The idea is simple: if you use SK2, if you like it, if you’d like to see more of it in the future, if you’d like this future to be sooner than never, if you’d like to help fund the crack habit of a starving student who also happens to dedicate way too much of his free time to eradicating spam, if you think this is worth a few cents, hell even a few dollars, if you can afford to spend this money without robbing your kid or your cat of their next birthday present… Consider donating:


There are currently a few thousands of you actively using SK2 (yep, crazy huh?)… I figure if we weed out the cheapos and those who honestly can’t afford it, plus those who consider their small use of SK2 not worth a monetary contribution (hey, I don’t pay for all my shareware… I’m nobody to throw you the first stone), that might still leave a few dozens of you? If each one contributes a few bucks, that should be enough for me to justify spending a few weeks working on SK3 rather than flipping burgers to pay for booze (and occasionally food and rent).

Non-monetary donations of any sorts are all gladly accepted: food specialties from where you live (especially if it’s distilled and drinkable, but the solid kind is cool too), postcards and anything else that won’t cause a police raid to my place at 6 in the morning… Note that due to recent health regulations, I can no longer accept your first-born child in payment for services, but thanks for offering.

If, like me, you are a starving student who cannot afford to divert any of your drug money to pay for my costly addictions, then consider donating some time. There will be need for it: mostly in doc writing (FAQs, user guide, maybe even a support forum at some point since the whole 2-hours emailing a day is becoming a bit tedious). Just put your name in and my people will get in touch with your people when the time arises.

If making a donation, please provide a nickname (if you don’t want your full name to be used) and your blog’s address, as I will probably make a donation page to list all those (if any) who donated.

8. Would you seriously stop developing SK if you don’t get money?

Of course not.

But it is unfortunately true that I will have to lower my involvement with anti-spam dev in favour of more, err, survival-oriented activities. Obviously, I’d much rather be paid for something I love doing (like squashing spam and spammers) than any random job… But it isn’t much of a choice.

I guess I should set some sort of imaginary milestones in terms of funding and how far/fast it would take me on the SK3 development trail, but I’d rather not look like a complete moron when all but a fraction of it will have trickled in at the end of the month… So I’ll just give you my word that I’ll do my best with what I get, and probably with what I don’t get either…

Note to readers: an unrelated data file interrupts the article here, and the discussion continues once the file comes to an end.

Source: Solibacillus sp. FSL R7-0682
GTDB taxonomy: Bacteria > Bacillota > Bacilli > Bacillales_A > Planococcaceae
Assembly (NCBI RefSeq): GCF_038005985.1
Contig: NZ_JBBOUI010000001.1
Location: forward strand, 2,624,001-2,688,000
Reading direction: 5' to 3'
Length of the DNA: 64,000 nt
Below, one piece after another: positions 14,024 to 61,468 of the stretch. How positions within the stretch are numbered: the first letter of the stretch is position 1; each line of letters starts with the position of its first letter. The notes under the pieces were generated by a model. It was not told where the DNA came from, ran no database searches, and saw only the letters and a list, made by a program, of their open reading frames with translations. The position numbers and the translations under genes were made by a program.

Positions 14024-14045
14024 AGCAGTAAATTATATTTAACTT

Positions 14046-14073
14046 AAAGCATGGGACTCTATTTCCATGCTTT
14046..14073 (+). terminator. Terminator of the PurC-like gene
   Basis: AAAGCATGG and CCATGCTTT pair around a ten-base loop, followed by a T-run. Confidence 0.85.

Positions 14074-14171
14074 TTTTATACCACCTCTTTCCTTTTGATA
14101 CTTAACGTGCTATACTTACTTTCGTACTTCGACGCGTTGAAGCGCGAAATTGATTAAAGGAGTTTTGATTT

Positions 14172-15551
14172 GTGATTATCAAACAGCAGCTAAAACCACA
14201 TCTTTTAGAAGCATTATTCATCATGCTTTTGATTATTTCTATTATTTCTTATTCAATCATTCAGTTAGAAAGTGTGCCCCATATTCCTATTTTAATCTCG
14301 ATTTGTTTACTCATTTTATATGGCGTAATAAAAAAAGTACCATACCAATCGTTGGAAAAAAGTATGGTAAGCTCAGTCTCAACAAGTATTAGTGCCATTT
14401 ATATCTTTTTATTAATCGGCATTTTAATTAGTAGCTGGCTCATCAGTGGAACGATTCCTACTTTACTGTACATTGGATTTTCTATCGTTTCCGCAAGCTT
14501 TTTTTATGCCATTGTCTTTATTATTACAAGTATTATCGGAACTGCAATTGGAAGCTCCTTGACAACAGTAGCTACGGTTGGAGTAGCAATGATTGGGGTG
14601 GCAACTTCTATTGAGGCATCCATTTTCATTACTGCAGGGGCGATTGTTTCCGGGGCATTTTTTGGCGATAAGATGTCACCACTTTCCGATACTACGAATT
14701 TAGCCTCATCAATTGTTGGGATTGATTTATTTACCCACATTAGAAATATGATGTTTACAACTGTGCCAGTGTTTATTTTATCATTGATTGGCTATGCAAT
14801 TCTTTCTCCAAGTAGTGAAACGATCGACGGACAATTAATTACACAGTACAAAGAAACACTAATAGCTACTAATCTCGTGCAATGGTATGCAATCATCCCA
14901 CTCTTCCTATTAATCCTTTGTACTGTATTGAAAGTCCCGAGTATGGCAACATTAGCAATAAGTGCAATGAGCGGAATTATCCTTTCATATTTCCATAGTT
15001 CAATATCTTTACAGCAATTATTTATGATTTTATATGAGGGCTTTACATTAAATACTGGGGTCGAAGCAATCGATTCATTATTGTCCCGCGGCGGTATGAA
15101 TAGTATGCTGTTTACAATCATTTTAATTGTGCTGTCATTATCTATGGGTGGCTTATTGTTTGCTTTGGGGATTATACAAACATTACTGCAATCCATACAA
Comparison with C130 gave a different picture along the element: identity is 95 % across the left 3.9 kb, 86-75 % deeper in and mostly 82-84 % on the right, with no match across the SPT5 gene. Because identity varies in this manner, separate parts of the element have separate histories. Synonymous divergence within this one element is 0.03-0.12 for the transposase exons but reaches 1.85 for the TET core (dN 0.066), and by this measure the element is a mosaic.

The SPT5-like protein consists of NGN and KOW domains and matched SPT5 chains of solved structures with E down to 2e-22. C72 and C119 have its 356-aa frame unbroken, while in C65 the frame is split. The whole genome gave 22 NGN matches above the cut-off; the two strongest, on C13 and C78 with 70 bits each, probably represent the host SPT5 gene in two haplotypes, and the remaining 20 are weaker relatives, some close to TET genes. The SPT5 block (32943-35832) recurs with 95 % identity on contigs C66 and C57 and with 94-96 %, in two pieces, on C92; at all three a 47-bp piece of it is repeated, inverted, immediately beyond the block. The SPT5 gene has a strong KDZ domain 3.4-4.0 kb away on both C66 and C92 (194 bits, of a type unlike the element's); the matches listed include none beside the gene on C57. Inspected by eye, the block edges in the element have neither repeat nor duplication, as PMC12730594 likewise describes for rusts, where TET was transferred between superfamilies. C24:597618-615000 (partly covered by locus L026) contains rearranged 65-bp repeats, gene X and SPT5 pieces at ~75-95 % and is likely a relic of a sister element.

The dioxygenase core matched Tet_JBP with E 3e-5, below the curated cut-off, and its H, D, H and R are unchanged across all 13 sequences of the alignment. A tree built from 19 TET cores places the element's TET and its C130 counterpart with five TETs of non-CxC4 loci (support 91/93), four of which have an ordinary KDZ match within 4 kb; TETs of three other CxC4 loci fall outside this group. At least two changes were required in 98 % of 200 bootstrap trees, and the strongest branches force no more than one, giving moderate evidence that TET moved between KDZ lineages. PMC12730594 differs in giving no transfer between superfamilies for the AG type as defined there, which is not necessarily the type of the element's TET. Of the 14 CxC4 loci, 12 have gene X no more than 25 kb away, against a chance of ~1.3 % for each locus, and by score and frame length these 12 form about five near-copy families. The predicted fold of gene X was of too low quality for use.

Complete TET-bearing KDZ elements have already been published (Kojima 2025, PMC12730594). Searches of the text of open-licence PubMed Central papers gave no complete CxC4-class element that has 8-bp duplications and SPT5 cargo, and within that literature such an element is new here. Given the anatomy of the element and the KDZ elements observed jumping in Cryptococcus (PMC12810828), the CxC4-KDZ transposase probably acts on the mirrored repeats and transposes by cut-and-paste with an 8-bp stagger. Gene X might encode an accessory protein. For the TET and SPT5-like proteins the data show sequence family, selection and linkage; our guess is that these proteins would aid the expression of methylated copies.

No matter what happens, I will be releasing SK2.2 (with minor tweaks and bug-fixing) at some point… Hopefully within a week… The two bigger components will honestly depend on how much interest they raise and the time I can afford to spend on them (we are talking at least month-long projects)…

Oh, and let me remind you that donations are not, I repeat: not, mandatory in any way whatsoever.
This is not a change in licensing: SK2 is and will remain free for all non-commercial use and redistribution (note that you can still use SK2 on a commercial blog, the only restriction is on packaging and distributing or otherwise selling SK2 for profit: in which case I ask that you contact me for permission first).

I also wanted to take the occasion to thank very sincerely all those who have already donated money, time or simply kind words through email: you have made my day on many occasions, and helped making it worth it so far.

Thanks a lot and do not hesitate to spread the word!

Filed under: WordPress


  1. Good luck, Dr. Dave.

    – I already sent my donation last week, as I recall. 🙂
    – Hi to Admiral Justin, too. 🙂

  2. At least you are honest! I take it the Bombay Saphire is fueling your brain cells … so nothing wrong with that in my book! Thinking of how much time and grief SK saved me (well, and the time and grief it cost me back in Fiji) a donation is in order.

  3. Student/Unemployed person here too, wishing she could donate money but bills make things a little tight! SK2 has helped lift my site workload (bless you) and I know a limited amount of php and nothing about spam (apart from it annoys the crap out of me) but if you need someone to help with the documentation (making it “idiot proof”/”newbie friendly” with proof reading) then I can help with that!